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July 18, 2017

Brexit biases

As we go into the summer holiday period, we noticed a seasonal increases in media reports not on what people actual do, but on what they say. In the UK we are seeing the anti-Brexit noise reaching its highest level yet. The sheer number of Brexit-must-be-stopped commentaries is overwhelming, but we urge readers to take a step back and look at the facts on the ground.

The first thing to notice is that the Tory rebellion against Theresa May is ebbing away. The FT reports that she will today warn her cabinet colleagues that they will have to stop leaking confidential information. The article notes that May is backed by a large majority of her MPs, who fear - rightly in our view - that a divisive leadership contest would throw the whole Brexit process into chaos. We would go further: a leadership contest, followed by an election, constitutes a necessary and maybe sufficient condition for a Brexit reversal. The Tory Party would be committing political suicide. 

The article quotes Nicky Morgan, a well respected pro-Remain Tory MP who chairs the Treasury committee in the House of Commons, as explicitly supporting the prime minister, and calling on senior ministers to stop the negative briefings. 

In terms of commentary, the most useful today is Tim Harford’s on how our judgement is clouded by biases. He makes a useful distinction between confirmation bias, where we filter out the news consistent with our beliefs, and desirability bias, which is classic wishful thinking. It is a useful distinction especially in the current debate on whether Brexit should be stopped.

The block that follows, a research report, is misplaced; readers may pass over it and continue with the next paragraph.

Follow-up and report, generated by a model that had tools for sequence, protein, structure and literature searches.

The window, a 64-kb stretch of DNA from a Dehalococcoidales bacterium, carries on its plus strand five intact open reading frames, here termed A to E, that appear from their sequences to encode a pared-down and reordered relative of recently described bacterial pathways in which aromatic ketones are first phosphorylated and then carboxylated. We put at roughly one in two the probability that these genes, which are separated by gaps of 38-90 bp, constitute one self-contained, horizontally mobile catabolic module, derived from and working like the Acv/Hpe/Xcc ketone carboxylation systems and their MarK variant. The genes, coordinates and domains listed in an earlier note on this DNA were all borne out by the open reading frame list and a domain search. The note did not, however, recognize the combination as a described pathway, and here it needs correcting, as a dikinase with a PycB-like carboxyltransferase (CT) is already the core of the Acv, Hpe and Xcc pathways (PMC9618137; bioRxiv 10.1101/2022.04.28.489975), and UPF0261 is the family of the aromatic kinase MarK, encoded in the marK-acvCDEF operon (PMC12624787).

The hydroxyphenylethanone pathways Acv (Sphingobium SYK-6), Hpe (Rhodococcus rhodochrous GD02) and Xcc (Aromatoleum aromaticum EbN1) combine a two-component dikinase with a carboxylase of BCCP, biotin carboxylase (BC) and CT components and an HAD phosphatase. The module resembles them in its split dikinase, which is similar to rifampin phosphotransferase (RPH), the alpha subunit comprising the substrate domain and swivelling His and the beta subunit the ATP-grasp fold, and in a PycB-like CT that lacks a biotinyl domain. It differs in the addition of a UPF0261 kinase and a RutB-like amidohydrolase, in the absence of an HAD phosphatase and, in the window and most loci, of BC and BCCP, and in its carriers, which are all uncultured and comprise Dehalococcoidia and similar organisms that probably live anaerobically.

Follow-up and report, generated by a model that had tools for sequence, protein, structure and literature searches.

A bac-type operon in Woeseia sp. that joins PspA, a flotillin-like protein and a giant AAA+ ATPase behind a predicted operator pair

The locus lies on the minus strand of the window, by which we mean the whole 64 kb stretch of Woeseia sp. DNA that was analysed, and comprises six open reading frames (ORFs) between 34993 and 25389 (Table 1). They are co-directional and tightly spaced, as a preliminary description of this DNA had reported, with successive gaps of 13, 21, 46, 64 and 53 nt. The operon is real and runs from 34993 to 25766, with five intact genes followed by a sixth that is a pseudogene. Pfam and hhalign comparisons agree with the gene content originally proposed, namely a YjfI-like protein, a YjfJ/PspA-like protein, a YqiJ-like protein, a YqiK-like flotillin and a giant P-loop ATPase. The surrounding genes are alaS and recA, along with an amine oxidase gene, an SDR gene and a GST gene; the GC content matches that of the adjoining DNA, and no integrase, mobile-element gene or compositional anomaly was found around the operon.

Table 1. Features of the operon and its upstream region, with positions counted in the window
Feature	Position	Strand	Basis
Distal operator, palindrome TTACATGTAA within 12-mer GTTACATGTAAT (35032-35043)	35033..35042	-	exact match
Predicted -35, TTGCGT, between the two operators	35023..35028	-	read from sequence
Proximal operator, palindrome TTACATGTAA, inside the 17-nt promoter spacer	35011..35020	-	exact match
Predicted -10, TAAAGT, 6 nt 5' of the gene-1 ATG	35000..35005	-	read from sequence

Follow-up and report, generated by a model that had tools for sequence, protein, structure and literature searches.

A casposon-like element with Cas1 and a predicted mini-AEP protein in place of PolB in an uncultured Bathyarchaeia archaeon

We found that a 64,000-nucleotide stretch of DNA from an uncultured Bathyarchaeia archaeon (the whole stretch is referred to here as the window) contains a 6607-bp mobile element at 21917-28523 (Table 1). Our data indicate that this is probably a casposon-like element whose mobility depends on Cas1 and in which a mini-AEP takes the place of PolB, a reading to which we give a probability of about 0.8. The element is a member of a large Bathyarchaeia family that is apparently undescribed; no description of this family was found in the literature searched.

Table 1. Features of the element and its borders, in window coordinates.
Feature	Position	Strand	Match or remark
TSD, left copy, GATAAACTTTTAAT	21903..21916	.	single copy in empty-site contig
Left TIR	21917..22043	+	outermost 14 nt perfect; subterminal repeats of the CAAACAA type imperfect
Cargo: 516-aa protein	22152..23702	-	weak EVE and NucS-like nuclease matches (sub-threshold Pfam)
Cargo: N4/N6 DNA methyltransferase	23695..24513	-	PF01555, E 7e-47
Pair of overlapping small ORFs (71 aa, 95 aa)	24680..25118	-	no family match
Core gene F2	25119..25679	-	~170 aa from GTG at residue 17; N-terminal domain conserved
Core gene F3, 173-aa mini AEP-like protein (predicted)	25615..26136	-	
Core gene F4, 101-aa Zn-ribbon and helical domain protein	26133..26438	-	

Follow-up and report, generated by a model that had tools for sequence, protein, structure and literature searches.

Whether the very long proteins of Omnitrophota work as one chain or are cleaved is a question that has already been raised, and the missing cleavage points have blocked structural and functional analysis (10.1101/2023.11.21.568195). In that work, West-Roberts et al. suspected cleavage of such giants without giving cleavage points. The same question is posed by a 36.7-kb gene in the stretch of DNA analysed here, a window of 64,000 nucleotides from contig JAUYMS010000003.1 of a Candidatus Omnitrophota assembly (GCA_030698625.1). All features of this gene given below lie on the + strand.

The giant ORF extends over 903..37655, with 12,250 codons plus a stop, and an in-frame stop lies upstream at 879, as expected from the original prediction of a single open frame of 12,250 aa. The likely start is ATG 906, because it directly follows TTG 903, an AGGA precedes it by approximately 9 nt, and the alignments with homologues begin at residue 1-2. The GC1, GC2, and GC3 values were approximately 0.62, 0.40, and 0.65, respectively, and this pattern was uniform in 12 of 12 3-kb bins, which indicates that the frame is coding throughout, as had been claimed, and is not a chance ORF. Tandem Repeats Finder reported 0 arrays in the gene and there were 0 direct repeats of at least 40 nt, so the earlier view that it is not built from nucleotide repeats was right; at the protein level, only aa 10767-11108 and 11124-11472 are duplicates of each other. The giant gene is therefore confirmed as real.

One good test for outsiders to assess an argument is to envisage the counter-factual case. Would there be any conceivable situation where an author who, for example, has questioned the legitimacy of the Brexit referendum would do the same if the vote had been Remain? Our sense is that the pro-Remain camp is so aghast at what is happening that they are reverting to old form - trying to ramp up the Project Fear volume. 

Reading the scare stories about the economic ill effects of Brexit is a bit like reading only the liabilities of a balance sheet or the cost side of an income statement. There will, of course, be losers from a regime shift just as there were losers from the accession to the customs union and the single market. The long-term impact of Brexit will surely depend more on future policies and future innovation than on the static trade effects. If the EU and the UK negotiate an FTA, even the static short-term effects will be small. 

We would, of course, agree that a sudden cliff-edge Brexit, which would result from a failure to reach an Article 50 agreement, would have severe economic consequences and should be avoided if possible. This is why a transition period is needed. Philip Hammond is pushing in that direction, and his approach is by the far the most likely to gain sufficient political support. 

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